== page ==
A Times article relays how hundreds of Iranian women demonstrated in Tehran today against government sexual discrimination. The demonstration was likely able to take place because of a more moderate attitude before polls open in the next presidential election.
Protestors and feminists stated that a candidate interested in promoting womens' rights would have to change the constitution, due to the fact that the rights concerned are determined strictly by Islamic Shariah law. 89 women reportedly ran for president last month, the six member Guardian Council rejected each one.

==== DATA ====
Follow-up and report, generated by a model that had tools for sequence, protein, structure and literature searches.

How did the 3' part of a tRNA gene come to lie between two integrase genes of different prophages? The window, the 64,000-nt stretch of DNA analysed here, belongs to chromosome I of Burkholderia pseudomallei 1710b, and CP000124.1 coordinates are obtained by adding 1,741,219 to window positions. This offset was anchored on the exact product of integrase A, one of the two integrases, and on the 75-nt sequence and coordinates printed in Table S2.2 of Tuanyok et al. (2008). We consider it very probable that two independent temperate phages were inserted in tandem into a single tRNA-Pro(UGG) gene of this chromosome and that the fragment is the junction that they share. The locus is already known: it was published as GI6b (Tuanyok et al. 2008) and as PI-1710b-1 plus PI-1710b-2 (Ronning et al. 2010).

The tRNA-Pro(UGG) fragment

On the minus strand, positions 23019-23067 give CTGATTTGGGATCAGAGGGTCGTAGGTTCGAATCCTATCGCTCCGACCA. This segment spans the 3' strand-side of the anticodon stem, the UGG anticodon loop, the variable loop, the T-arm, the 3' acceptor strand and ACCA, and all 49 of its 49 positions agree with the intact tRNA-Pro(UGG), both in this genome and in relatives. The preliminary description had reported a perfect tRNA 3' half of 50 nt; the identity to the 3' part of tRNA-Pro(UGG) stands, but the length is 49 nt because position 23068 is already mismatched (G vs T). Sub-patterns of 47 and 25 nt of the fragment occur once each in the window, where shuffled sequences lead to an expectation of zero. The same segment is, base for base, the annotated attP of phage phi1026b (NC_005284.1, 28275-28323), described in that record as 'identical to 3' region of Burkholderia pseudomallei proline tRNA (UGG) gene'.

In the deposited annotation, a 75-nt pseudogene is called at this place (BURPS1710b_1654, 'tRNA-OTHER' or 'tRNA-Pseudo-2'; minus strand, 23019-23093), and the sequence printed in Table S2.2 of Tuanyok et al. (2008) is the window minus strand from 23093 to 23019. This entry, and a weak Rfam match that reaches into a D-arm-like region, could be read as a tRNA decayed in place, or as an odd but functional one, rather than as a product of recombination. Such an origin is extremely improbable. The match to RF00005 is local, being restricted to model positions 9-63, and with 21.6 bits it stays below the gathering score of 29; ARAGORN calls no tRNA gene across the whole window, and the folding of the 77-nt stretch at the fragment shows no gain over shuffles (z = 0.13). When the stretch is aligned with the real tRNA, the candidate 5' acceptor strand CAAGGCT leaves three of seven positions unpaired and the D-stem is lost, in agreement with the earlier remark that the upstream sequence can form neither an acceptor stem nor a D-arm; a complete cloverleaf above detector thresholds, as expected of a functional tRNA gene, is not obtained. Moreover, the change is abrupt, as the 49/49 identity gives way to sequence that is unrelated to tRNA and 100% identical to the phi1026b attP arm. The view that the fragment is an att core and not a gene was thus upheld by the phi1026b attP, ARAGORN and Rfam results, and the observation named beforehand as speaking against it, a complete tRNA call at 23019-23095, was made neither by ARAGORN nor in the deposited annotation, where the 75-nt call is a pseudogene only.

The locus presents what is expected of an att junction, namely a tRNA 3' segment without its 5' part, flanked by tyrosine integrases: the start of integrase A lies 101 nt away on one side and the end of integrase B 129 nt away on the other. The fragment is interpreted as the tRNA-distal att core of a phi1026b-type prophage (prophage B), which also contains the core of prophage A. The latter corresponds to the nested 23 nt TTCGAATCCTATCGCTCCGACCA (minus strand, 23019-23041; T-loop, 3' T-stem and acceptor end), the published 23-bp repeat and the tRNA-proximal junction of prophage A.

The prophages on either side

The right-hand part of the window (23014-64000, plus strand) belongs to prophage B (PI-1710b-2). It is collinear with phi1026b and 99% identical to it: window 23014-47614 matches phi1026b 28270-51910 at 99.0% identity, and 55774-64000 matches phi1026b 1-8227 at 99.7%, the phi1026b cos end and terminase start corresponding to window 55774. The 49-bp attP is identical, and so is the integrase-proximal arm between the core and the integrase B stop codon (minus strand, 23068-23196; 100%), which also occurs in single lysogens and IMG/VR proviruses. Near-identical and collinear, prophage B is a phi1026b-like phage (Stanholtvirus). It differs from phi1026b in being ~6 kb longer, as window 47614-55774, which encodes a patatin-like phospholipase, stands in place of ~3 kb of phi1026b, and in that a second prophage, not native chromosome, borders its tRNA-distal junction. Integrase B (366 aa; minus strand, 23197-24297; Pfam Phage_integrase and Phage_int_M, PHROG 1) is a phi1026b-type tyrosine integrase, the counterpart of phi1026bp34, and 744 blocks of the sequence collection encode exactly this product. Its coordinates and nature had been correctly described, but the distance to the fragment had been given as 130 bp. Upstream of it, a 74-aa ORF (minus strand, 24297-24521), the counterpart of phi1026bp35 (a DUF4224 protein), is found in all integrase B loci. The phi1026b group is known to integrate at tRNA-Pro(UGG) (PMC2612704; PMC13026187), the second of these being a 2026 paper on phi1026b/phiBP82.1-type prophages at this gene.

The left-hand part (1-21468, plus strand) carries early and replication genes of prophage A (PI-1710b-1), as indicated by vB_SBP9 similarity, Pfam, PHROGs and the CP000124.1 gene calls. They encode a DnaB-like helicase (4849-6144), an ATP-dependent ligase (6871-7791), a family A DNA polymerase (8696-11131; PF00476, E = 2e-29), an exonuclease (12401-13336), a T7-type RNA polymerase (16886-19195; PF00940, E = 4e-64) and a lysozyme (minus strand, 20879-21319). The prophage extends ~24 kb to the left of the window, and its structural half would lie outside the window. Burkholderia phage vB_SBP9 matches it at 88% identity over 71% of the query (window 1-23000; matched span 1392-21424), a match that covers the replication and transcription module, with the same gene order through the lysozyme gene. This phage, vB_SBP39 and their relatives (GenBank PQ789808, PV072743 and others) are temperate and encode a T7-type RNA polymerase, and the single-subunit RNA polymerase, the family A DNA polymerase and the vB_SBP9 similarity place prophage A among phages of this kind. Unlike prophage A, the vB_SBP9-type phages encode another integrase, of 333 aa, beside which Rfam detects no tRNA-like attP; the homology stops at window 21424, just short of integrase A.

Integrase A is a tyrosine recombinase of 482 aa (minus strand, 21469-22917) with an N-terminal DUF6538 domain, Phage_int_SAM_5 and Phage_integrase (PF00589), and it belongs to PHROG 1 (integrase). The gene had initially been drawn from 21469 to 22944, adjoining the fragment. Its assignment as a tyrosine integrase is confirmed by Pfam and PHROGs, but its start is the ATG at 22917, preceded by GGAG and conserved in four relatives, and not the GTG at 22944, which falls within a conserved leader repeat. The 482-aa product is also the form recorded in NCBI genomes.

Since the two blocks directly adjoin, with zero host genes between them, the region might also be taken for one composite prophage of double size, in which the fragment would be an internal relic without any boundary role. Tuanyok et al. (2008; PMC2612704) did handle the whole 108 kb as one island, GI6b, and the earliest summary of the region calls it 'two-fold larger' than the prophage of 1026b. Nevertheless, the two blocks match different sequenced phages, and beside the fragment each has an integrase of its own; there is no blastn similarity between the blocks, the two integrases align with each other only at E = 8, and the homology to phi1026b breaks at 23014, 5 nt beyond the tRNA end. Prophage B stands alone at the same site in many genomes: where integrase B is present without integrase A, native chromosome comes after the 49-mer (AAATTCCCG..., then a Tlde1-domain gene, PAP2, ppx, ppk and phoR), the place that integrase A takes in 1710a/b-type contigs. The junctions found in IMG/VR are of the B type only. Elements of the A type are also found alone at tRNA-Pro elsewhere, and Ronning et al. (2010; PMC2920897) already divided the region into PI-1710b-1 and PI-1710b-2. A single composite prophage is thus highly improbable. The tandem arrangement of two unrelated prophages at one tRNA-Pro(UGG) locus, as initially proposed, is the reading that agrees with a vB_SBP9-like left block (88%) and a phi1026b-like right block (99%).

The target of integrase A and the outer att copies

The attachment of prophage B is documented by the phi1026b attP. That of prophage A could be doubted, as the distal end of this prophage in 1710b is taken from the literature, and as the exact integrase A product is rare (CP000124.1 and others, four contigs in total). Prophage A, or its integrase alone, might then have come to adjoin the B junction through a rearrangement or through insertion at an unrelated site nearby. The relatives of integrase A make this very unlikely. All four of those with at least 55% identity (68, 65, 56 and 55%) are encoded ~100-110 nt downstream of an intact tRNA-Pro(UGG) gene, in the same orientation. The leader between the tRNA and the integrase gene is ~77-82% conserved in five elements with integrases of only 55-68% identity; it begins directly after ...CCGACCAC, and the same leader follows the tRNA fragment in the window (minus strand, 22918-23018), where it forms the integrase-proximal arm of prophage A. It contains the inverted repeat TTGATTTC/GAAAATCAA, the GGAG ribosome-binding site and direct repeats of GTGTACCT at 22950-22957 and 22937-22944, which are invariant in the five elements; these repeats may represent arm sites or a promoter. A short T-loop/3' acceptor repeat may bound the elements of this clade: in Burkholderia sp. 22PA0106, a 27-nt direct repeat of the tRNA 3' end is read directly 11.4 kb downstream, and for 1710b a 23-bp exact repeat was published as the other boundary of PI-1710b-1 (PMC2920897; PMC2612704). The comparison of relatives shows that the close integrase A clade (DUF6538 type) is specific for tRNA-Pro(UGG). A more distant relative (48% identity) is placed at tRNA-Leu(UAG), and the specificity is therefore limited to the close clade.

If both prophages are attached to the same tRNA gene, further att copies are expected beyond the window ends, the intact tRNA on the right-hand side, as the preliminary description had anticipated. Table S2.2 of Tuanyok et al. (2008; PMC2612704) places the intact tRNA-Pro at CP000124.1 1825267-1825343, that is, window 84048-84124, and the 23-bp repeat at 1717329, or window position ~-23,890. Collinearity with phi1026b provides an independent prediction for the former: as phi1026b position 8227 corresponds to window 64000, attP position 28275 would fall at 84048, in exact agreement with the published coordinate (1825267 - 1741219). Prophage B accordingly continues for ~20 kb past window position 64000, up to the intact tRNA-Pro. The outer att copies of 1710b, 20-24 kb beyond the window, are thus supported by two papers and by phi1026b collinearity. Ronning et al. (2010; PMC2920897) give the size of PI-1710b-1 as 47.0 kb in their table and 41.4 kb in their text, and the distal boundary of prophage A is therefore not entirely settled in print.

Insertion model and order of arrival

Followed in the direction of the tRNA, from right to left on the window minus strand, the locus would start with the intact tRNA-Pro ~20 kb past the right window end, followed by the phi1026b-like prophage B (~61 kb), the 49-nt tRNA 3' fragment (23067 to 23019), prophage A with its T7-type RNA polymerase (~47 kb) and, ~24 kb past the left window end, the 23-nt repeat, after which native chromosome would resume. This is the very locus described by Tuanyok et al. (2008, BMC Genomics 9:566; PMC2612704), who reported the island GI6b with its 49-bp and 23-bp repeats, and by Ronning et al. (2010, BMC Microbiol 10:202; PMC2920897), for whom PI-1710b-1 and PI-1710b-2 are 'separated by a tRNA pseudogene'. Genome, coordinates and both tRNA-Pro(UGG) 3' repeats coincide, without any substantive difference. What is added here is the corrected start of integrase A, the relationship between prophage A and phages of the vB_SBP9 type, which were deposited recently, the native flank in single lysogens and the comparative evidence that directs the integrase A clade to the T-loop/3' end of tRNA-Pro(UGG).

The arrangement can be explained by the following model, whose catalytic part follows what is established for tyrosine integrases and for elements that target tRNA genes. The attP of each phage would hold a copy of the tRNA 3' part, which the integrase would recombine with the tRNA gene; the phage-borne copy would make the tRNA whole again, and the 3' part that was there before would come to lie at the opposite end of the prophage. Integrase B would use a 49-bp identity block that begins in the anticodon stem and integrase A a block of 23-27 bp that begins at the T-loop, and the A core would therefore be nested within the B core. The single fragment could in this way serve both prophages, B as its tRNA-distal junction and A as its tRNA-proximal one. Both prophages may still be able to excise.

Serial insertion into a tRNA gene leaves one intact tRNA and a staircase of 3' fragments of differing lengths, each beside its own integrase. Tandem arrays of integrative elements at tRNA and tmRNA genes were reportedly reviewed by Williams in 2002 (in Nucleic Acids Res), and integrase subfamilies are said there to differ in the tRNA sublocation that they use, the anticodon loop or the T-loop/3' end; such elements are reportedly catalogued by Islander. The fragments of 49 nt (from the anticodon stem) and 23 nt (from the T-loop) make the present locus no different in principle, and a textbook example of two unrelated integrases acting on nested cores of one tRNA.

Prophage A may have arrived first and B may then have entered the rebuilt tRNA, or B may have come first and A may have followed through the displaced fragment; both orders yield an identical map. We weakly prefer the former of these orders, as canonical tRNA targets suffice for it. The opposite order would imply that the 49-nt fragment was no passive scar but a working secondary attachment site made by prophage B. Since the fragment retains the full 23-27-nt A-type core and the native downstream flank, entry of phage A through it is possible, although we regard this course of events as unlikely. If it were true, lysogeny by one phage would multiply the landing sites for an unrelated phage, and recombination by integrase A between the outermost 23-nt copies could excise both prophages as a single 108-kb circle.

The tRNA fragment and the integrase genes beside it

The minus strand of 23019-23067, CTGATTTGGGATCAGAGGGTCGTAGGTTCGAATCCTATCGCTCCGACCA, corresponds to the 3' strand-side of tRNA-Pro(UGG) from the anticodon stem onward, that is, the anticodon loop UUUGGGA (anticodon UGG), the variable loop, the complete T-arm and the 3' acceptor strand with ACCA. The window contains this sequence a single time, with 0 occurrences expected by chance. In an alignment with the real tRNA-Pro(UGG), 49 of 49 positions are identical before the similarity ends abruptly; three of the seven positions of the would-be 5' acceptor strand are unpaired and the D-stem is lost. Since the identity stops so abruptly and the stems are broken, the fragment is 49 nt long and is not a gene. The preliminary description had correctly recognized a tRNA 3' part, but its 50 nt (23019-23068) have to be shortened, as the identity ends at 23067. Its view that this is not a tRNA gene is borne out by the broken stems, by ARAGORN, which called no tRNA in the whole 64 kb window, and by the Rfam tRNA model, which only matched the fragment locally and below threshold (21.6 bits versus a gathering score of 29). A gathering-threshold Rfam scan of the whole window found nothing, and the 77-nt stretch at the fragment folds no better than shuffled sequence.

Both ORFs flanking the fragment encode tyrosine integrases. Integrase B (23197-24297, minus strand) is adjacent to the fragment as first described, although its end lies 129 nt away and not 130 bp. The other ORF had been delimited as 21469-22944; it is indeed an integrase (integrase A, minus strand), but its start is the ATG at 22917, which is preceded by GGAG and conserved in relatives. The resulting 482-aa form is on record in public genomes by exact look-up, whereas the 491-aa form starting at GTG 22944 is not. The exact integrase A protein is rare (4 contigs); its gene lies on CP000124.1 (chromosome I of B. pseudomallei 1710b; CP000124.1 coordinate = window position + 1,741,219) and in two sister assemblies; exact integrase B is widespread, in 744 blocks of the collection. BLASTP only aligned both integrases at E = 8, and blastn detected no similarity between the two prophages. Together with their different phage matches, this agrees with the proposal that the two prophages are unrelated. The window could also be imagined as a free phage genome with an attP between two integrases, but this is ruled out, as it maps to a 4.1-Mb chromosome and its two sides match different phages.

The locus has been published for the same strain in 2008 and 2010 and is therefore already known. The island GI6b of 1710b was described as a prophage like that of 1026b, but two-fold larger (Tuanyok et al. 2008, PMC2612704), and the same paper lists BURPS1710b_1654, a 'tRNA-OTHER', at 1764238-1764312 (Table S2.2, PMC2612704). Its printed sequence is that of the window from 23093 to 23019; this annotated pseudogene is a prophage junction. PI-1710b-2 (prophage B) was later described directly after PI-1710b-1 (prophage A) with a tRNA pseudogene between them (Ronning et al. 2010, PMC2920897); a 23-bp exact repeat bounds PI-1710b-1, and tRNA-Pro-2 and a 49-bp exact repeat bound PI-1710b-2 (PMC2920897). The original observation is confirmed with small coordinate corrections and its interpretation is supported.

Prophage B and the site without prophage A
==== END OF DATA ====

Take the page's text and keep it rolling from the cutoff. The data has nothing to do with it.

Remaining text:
The protests reflect positive developments in Iran that wouldn't have been possible several years ago. Zahra Eshraghi, the granddaughter of the Islamic revolution's leader, Ayatollah Ruhollah Khomenei, agreed that many rights involving the womens' movement are sanctioned by law, but things are gradually improving.
Much scepticism is placed in current reform candidates. Feminist leaders are concerned that such candidates are simply campaigning for votes, without intent to change the law. This is likely, but the fact that politicians are paying attention to womens' issues is a progressive step. Though the problem of women's rights needs a deeper revolution than in the political sphere; social and religious revolution is perhaps more important.
But with vocalisation and organization, there is hope.